Age of You, MOCA’s current exhibit, intends to explore what it means to be an individual in the face of accelerating technology and what it means to exist in a society in which our personal data has become the most important commodity under late capitalism. The exhibit is divided into thirteen chapters, collectively curated by Shumon Basar, Douglas Coupland, and Hans Ulrich Obrist.
Age of You isn’t so much an exhibit made up of individual pieces on the subject of data extraction as it is a glorified PowerPoint presentation. Most of the chapters are made up of photographs that are overlaid with bold statements, all of which are written by the curators. In the process, the work of these artists—save a few standalone pieces—merely serve as backdrops for the curators to declare their point of view as they promote their thesis about our current relationship with technology. As you explore the exhibit further, you get the sense that the curators are more interested in selling the thesis of their forthcoming book, The Extreme Self (for which Age of You acts as a preview), than they are in showcasing the work of these artists and allowing the work to speak for itself—which is a shame.
Age of You isn’t so much an exhibit made up of individual pieces on the subject of data extraction as it is a glorified PowerPoint presentation.
The centralization of the curators in this exhibit wouldn’t be such a problem if they actually had more interesting things to say. Most of these chapters assault audiences with alarmist statements in bold text, as if to affirm that these statements are the Truth. Statements such as “The Extreme Self has a hard time sitting beneath a tree and contemplating the universe” or “is it hard to be an individual when being part of a crowd has never been easier?” are intended to scare visitors about the contemporary state of our society. The overarching goal of Age of You seems only to berate how millennials engage with current technology and social media. But this goal to provoke isn’t accomplished with much subtlety, and what’s more, leaves little space to open up a more nuanced discussion about our cultural landscape.
Some statements ring hollow. Chapter 4, Post-Work, for instance, critiques how increased automation will leave people jobless, while Chapter 10, 0.0001%, has a panel that insists that “The middle class leisure goal of doing nothing is quickly being replaced with its darker version:…having nothing to do,” painting a society consumed by its obsession with social media to the point of having nothing else.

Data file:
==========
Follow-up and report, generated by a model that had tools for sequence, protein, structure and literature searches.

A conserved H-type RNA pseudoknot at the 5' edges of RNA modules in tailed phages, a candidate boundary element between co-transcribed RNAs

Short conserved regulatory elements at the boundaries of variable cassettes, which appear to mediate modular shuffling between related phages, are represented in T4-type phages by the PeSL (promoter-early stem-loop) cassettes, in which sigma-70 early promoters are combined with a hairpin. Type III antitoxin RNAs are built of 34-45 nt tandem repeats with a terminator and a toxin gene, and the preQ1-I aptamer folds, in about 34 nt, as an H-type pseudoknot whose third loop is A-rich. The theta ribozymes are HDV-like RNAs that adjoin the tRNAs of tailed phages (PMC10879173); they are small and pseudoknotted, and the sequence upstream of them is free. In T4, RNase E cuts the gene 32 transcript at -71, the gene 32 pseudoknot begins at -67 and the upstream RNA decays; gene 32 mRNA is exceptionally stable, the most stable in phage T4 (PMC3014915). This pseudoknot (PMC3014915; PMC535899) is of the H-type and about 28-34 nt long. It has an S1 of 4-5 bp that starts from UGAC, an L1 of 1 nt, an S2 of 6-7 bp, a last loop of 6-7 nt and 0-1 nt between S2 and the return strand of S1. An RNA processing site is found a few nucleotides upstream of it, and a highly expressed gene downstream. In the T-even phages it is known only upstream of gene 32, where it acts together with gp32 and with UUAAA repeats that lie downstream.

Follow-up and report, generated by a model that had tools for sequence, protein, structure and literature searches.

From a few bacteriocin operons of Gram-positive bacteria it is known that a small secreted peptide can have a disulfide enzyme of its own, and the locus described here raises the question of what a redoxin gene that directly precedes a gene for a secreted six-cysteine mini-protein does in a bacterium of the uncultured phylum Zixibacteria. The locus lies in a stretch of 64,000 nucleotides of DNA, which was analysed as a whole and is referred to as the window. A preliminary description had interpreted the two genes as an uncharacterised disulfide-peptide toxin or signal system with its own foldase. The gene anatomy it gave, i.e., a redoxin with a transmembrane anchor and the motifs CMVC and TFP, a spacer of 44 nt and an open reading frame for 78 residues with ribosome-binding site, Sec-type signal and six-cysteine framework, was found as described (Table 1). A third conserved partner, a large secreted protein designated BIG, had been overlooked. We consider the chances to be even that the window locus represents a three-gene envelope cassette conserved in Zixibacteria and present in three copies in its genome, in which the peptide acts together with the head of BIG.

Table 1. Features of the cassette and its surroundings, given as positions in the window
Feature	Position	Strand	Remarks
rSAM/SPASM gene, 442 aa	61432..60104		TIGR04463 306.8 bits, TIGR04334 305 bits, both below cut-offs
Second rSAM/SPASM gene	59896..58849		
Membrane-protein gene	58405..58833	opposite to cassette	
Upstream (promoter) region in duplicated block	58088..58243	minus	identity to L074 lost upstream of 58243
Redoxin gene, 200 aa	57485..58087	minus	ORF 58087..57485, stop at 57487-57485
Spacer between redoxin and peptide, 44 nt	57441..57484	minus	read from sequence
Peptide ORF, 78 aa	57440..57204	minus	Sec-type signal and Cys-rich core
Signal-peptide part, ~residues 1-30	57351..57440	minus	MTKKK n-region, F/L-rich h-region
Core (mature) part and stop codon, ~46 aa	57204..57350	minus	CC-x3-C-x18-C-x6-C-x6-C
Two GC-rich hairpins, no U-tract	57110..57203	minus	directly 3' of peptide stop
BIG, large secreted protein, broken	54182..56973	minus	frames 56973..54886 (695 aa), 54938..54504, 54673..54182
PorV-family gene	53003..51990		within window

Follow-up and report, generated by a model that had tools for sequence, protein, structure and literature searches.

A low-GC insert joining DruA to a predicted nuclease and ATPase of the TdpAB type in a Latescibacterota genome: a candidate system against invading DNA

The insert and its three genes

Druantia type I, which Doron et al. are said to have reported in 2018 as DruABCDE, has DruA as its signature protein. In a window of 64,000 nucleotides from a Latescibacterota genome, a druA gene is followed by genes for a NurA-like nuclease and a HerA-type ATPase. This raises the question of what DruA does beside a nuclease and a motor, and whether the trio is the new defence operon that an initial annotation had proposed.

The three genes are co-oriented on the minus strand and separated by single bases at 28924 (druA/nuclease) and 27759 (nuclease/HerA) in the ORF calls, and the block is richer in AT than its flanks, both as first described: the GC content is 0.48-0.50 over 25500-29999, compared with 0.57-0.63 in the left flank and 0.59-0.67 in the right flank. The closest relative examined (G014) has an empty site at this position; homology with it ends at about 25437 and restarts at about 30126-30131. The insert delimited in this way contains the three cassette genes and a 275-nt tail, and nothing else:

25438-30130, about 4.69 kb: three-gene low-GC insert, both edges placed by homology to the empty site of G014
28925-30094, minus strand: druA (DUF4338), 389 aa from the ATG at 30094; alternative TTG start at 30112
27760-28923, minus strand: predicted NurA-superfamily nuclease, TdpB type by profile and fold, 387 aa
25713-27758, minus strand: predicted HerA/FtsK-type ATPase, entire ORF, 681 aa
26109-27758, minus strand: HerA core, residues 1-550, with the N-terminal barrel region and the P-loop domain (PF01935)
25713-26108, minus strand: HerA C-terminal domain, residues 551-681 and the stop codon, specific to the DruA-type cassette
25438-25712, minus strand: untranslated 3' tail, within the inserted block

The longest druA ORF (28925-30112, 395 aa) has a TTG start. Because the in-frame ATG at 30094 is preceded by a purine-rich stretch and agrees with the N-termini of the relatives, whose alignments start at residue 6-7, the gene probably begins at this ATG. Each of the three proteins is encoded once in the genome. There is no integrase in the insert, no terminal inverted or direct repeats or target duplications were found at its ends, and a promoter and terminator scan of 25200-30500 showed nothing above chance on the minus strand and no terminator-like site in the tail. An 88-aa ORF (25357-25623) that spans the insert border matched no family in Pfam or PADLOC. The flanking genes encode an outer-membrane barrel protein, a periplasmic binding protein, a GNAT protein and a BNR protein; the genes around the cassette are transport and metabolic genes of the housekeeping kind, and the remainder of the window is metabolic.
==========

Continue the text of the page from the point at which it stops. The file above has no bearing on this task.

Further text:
A panel from Chapter 10: 0.0001%, imagines a future in which advancements in AI leave people stuck in a repetitive loop with social media.
But these statements ring false in light of reality: although advancements in technology have always been promised as a solution to reducing people’s workload, today, most people are working longer hours per week than they were 30 years ago. Gone is the middle-class promise of a 40-hour work week sustaining a good standard of living in Western cities. Today, in a hyper-competitive gig economy, careers are often made up of multiple jobs with little job security, with people taking on a conflux of contract positions, unpaid internships, and shadow work just to get by living in cities that are increasingly gentrified and unaffordable. Social media often exists as an escape from this reality because we’re too tired at the end of the day to do anything else. This is a current crisis of living under late capitalism—as job opportunities shrink, our productivity only increases while our mental health deteriorates—and so we are often drawn to our phones for ways to distract, and to pleasure ourselves under the condition of having very limited time to create meaningful personal lives.
Age of You also fails to engage with a more interesting question: what does it mean to install an exhibit critical of our lack of privacy, our ownership over our data, and our general addiction to social media, when our experiences of museums have radically changed with the practice of publicly documenting our experiences? What does it mean for an exhibit to critique how we use Instagram, or “selfie culture,” and yet be designed in an Instagram-friendly way? While the statements these curators have chosen are meant to provoke, they are also designed to make for an appealing post on Instagram. The statement “Democracy needs morning after pills” scrolled across a black background resembling a chalkboard is precisely the type of pop work marketable for social media consumption.
Chapter 11: The End of Democracy, attempts to consider the function of democracy in a ‘post-truth’ era.
If Basra, Coupland, and Orbist had chosen to focus more seriously on the implications of this state of affairs, Age of You would have made for a more complex engagement with the topic of how we exist as individuals today in the face of ever-expanding technology, rather than a pop exhibit littered with shallow provocations, with little else beneath the surface. The heavy-handedness of the curators ultimately does a disservice to the subject matter and the artists on display.